How Is All This Data Protected?

New York regulators have various data protection oversight tools at their disposal.

The Commission regulations applicable to licensed platform providers and operators, located at 9 NYCRR Part 5329 and 5330, contain relatively comprehensive security obligations. The regulations provide that licensed skins must use “systems that maintain the security of authorized sports bettors’ accounts and information from tampering or unauthorized access, using the minimum standard encryption of AES 256 or other NIST standards.” Among other things, operators must implement a monitoring system that identifies and reports suspected structured sports wagers and unusual or suspicious wagering activity. Licensed sportsbooks must report to the Commission any criminal activity, financial irresponsibility, fraud, misrepresentation, security breaches, or breach of confidentiality of an authorized sports bettor’s personal information. Further, each licensee must annually perform a system integrity and security assessment using an independent professional subject to the approval of the Commission.

In addition to the obligation to notify the Commission in the event of a data breach, New York’s data breach notification law (N.Y. Gen. Bus. Law §899-aa) requires notification to state residents when their “private information” is acquired without authorization, and applies to any organization that handles New York residents’ information regardless of whether that organization conducts business in New York. Because mobile sports betting must be conducted in New York state, the breach notification law applies. If platforms or operators transfer data about New York residents to vendors or otherwise across state lines, the breach notification law still applies to the data.

New York has been on the forefront of strict security requirements having enacted the Stop Hacks and Improve Electronic Data Security Act (SHIELD Act), which includes security obligations that apply to mobile betting apps. The SHIELD Act requires any organization processing the personal data of New York residents to “develop, implement, and maintain reasonable safeguards to protect the security, confidentiality, and integrity of the private information.” The SHIELD Act provides that a business is deemed to be in compliance with the requirement to implement reasonable security measures if it maintains a data security program that incorporates a detailed series of administrative, technical, and physical controls set forth in the law, including conducting risk assessments, regularly testing and monitoring the effectiveness of key controls, selecting service providers capable of maintaining appropriate safeguards and requiring those safeguards by contract, and disposing of private information within a reasonable timeframe after it is no longer needed. Failure to establish reasonable safeguards could lead to action by the New York Attorney General, who has been very active in enforcing the SHIELD Act.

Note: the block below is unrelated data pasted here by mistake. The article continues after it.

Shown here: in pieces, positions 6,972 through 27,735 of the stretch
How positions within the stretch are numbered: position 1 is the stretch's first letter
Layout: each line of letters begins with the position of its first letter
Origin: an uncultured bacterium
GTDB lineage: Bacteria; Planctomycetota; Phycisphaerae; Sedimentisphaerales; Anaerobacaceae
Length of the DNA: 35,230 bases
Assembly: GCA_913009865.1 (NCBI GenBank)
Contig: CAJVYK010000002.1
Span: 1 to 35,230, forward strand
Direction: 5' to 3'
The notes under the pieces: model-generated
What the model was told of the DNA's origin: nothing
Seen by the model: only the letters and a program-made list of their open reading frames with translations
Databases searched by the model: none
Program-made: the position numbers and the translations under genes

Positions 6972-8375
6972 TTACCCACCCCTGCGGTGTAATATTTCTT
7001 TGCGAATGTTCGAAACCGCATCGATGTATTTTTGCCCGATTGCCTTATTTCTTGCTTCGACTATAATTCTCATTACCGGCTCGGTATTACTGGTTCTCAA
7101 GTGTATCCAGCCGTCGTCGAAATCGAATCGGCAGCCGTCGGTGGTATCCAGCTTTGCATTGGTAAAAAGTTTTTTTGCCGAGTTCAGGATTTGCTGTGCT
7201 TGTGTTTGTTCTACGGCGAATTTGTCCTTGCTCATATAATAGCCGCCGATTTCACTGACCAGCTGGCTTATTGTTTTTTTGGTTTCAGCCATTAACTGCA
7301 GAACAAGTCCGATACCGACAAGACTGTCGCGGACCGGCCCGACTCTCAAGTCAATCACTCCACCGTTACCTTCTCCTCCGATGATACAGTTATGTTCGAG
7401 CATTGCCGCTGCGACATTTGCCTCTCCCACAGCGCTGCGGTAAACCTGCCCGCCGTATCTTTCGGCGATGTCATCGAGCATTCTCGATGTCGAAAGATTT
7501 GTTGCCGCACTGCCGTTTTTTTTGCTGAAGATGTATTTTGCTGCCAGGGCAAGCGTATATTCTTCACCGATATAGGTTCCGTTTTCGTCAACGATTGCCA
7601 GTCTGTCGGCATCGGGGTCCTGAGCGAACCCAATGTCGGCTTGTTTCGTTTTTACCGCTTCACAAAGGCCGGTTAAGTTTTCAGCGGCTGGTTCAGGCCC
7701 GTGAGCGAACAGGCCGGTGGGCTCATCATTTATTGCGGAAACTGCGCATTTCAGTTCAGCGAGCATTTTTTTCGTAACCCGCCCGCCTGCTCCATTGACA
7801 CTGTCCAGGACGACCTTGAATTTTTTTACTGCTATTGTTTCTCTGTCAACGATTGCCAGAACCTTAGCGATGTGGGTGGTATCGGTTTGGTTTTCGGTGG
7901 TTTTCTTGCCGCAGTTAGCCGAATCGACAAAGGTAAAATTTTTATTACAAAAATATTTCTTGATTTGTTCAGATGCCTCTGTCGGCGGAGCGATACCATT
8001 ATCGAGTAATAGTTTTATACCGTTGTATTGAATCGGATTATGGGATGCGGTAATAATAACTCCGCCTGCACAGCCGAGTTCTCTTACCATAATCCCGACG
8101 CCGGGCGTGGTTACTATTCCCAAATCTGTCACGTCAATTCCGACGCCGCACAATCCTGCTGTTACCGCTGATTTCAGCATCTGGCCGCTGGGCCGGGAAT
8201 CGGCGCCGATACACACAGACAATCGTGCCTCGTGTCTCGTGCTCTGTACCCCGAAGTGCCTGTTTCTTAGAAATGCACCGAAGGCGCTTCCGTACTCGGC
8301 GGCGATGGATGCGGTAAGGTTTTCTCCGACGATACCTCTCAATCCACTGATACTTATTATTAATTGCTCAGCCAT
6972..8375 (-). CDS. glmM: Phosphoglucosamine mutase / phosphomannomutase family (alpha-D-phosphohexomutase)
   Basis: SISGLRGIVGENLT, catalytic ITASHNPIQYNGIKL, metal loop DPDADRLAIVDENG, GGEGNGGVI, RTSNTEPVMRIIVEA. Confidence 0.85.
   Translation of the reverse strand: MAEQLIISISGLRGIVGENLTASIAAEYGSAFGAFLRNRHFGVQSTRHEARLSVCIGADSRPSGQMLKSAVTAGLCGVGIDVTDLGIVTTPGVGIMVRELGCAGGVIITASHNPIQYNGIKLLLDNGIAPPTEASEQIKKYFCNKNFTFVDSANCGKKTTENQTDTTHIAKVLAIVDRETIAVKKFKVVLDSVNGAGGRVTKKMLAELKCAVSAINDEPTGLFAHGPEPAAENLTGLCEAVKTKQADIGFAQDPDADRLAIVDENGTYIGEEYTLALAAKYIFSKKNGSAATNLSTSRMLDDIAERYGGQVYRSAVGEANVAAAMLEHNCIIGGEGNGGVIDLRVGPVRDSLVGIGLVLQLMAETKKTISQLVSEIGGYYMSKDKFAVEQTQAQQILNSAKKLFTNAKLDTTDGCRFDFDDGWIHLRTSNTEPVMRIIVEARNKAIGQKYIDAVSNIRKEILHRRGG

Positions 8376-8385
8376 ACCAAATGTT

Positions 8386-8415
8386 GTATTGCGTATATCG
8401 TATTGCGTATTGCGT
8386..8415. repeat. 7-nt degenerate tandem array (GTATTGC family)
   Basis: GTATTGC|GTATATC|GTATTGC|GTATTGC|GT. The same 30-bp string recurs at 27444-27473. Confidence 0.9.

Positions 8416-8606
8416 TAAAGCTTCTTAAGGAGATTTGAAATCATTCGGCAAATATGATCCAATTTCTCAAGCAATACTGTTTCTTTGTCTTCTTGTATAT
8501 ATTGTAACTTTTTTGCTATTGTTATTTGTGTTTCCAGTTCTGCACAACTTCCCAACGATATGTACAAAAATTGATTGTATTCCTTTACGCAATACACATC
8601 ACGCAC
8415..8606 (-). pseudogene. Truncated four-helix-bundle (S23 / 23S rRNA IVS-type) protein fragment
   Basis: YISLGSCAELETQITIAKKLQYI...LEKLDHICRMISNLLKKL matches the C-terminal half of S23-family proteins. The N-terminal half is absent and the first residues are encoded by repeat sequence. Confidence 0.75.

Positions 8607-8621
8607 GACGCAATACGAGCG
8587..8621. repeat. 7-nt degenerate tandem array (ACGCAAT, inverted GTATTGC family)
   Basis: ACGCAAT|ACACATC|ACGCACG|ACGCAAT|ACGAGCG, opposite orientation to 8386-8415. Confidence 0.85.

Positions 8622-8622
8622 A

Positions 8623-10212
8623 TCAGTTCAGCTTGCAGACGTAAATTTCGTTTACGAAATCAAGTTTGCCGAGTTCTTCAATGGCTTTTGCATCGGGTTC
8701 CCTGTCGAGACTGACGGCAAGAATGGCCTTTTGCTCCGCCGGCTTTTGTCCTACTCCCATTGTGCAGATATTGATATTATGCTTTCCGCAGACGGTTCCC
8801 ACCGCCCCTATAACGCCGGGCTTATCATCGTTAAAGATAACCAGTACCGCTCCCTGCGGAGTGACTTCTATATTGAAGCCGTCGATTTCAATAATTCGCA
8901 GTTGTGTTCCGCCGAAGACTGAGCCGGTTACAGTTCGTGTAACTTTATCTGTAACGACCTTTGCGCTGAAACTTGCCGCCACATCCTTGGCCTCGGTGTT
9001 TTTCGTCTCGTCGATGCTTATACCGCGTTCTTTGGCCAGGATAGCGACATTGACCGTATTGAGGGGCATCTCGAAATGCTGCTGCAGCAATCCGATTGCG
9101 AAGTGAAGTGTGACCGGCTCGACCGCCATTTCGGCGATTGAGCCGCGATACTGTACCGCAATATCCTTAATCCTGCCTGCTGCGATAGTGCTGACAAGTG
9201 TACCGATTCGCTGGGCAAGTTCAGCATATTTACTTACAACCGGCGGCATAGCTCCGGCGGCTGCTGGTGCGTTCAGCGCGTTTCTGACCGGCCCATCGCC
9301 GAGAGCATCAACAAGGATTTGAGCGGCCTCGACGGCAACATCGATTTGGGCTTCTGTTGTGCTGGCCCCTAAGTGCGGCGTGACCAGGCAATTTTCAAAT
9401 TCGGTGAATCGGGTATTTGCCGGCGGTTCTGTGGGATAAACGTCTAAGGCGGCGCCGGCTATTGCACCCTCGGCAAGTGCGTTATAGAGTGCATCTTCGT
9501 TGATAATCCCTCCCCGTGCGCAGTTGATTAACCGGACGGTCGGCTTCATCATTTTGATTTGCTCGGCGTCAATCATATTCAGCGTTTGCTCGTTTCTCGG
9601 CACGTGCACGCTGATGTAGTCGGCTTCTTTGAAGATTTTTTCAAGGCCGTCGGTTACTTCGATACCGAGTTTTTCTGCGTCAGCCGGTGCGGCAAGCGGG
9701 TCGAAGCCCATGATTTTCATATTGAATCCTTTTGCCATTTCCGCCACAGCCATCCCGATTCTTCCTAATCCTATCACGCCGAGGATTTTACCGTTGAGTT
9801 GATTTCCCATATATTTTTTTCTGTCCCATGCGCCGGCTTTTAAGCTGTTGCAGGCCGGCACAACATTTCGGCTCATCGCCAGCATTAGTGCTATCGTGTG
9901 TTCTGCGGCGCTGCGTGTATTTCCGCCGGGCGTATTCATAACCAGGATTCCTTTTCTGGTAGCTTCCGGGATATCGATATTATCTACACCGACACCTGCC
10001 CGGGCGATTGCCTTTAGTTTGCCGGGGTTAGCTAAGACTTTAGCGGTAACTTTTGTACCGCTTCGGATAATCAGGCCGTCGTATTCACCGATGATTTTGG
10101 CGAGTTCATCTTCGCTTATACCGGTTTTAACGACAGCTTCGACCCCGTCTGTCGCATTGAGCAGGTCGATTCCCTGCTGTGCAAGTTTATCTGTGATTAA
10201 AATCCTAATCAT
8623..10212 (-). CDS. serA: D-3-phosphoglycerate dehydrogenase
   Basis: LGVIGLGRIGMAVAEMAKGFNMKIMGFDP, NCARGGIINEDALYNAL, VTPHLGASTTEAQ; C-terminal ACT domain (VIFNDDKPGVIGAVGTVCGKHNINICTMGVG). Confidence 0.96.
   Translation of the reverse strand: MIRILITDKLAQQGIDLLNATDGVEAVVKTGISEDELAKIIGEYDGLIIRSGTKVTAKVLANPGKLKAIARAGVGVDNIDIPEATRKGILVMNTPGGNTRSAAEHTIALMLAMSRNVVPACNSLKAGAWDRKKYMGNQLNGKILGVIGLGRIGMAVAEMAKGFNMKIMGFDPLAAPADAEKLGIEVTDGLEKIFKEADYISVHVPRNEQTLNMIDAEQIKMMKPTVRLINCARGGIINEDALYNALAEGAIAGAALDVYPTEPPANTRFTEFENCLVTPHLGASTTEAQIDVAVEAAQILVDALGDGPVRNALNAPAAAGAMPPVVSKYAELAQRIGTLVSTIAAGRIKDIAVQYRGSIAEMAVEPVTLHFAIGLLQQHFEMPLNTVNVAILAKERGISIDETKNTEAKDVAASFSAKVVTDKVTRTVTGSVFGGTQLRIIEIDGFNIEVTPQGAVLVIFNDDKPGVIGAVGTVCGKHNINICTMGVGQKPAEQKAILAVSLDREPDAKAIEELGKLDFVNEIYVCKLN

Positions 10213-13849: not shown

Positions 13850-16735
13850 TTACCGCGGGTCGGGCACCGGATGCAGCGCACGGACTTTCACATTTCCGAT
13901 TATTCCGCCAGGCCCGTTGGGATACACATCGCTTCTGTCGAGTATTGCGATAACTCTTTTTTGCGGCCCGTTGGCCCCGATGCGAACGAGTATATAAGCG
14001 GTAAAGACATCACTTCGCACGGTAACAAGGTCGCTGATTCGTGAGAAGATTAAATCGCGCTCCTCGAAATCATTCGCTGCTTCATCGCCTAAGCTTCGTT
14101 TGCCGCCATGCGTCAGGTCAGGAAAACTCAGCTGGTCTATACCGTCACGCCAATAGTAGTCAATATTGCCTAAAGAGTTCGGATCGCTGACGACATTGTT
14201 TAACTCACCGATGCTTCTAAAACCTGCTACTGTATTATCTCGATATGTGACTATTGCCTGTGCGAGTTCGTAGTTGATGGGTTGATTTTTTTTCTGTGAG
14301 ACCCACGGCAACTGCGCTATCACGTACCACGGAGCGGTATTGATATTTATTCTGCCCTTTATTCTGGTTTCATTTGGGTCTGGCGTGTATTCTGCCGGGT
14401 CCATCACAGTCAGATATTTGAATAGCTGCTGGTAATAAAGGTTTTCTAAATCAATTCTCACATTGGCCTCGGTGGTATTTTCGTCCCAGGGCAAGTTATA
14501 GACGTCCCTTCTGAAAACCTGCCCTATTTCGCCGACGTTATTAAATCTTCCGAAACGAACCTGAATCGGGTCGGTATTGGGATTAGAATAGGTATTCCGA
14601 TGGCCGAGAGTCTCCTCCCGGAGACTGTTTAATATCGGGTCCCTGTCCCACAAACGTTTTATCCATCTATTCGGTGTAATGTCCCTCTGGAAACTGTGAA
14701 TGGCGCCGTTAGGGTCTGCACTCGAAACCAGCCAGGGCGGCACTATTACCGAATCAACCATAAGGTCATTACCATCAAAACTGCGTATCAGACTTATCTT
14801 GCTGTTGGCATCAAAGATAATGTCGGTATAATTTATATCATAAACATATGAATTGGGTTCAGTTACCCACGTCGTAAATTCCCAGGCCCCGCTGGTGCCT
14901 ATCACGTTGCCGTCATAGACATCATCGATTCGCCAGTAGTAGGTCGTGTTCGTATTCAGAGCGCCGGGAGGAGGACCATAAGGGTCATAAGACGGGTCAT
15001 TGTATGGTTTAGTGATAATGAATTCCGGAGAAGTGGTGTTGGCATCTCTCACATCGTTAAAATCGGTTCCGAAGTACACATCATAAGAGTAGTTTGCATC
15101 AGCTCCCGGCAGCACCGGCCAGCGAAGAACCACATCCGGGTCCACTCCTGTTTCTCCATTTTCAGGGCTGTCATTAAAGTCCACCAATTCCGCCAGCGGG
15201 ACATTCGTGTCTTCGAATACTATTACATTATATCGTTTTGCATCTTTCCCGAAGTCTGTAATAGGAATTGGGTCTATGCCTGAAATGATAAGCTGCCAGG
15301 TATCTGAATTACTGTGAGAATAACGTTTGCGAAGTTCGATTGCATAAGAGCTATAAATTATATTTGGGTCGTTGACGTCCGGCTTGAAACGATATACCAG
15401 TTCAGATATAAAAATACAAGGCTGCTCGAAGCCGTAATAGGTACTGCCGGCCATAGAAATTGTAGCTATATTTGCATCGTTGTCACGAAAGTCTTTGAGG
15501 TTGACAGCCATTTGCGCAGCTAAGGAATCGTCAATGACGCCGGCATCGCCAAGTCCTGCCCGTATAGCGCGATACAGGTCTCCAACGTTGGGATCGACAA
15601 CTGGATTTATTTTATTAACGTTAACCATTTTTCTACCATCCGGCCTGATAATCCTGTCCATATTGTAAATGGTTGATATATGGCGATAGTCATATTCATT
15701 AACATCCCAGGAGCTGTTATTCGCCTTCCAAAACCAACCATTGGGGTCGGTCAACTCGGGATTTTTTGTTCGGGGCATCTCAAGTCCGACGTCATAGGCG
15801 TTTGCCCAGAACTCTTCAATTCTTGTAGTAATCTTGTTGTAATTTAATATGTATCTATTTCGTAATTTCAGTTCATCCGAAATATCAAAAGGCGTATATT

Further, sportsbooks that are operating pursuant to state casino licenses may be “financial institutions” under the Bank Secrecy Act (BSA). While there is little guidance regarding how anti-money laundering laws apply to mobile sports wagering, FinCen’s director in August 2019 remarked that FinCen expects that casinos are monitoring sports betting programs for potentially suspicious activity, including mobile gaming services which run through the casinos. Accordingly, operators may be required to file suspicious activity reports (SARs) with FinCen when they detect suspicious activity regarding financial transactions, including cyber-related indicators collected from mobile betting apps.